Share on other sites
18 hours ago, ivanlan9 said:

Do the Montreal subway tires still produce the first three notes of Copland's "Fanfare for the Common Man" on startup?

That is hilarious...

9 hours ago, UltraViolet said:

I am the right person to answer your question properly about this, and to straighten out the technical terminology :wink:.  While I'm a transit fan in general, as a sound engineer in the past, and as someone who likes to understand how things work, I am always as interested in the sounds a particular transit vehicle produces and why. 

... and that exponentially more so. Very interesting stuff.

Share this post


Link to post
Share on other sites
12 hours ago, UltraViolet said:

  I am the right person to answer your question properly about this, and to straighten out the technical terminology :wink:

...

  Perhaps a much longer-winded answer than you were asking for, but I appreciated the opportunity.  I think I loosely tied in some relevance to LEGO there somewhere...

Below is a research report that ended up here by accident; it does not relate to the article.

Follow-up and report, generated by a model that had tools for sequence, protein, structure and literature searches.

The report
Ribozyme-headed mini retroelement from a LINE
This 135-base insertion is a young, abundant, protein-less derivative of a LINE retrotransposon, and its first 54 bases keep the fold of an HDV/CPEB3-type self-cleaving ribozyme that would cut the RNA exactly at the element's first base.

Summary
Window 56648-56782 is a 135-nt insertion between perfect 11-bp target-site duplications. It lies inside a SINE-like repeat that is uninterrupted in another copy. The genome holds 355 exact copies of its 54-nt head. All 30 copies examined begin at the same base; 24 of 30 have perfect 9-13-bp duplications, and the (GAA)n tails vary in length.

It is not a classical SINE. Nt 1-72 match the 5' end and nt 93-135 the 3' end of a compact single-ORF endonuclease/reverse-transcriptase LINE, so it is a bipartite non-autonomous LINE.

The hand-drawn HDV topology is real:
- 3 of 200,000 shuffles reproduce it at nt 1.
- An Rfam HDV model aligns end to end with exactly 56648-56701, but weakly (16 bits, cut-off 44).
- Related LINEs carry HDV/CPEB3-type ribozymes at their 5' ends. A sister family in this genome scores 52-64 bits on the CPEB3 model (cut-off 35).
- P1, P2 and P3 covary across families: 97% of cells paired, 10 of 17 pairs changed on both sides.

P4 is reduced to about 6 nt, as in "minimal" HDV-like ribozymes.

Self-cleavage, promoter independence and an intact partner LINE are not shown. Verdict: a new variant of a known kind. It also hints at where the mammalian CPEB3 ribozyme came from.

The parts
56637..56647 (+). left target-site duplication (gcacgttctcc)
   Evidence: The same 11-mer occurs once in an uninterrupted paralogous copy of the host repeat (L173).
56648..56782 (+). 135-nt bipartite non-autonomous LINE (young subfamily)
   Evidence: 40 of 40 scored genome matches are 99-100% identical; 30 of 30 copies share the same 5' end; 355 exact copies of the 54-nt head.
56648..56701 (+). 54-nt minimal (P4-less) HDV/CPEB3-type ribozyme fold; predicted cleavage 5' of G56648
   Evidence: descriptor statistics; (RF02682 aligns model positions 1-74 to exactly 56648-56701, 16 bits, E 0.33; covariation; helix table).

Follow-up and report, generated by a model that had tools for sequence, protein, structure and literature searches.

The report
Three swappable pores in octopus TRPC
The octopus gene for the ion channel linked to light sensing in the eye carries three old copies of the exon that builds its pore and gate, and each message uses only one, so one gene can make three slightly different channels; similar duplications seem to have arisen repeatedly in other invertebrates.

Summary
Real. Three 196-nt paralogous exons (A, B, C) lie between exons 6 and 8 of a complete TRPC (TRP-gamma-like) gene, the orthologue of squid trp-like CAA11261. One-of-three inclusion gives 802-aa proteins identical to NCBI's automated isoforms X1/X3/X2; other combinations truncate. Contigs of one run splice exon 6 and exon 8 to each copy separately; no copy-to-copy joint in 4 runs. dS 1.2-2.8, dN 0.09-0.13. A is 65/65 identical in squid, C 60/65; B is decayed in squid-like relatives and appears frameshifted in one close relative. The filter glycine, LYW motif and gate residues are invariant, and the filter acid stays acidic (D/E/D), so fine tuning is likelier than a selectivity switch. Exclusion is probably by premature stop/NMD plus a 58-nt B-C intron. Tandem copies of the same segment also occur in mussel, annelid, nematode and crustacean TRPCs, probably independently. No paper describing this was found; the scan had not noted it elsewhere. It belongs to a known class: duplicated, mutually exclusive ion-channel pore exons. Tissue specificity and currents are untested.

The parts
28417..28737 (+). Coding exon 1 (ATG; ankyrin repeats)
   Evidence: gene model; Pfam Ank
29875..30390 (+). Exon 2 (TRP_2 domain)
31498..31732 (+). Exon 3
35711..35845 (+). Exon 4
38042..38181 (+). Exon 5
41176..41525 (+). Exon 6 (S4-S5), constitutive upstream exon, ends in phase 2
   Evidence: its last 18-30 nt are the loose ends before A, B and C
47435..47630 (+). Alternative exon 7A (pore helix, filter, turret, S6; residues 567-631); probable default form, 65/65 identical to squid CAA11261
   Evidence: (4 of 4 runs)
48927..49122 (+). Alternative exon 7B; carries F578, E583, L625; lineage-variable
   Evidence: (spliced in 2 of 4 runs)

Fascinating.  I rode the Metro every day and never gave any thought to the door closing sounds.  The heat generated by the rubber tires is a whoosh of warm air on station platform during Montreal winters.  

I suppose one could put the Metro sounds into their PFx Brick as a tie-in to LEGO trains.  :wink:

 

Share this post


Link to post
Share on other sites

I have always been partial to the sound of traction motors of the ÖBB ES 64U Taurus locomotives on startup.

Back on topic, the price point will probably be up there given the piece count. The track separation will entail modification to the station or fun with flexi-track. I can handle either.

Share this post


Link to post
Share on other sites
45 minutes ago, Feuer Zug said:

I have always been partial to the sound of traction motors of the ÖBB ES 64U Taurus locomotives on startup.

Back on topic, the price point will probably be up there given the piece count. The track separation will entail modification to the station or fun with flexi-track. I can handle either.

  That's cool!  The Taurus kinda plays through every note in an octave due to the need for a more drawn-out acceleration sequence as required by the massively higher weight of a railroad train vs EMU/transit.  Same theory though.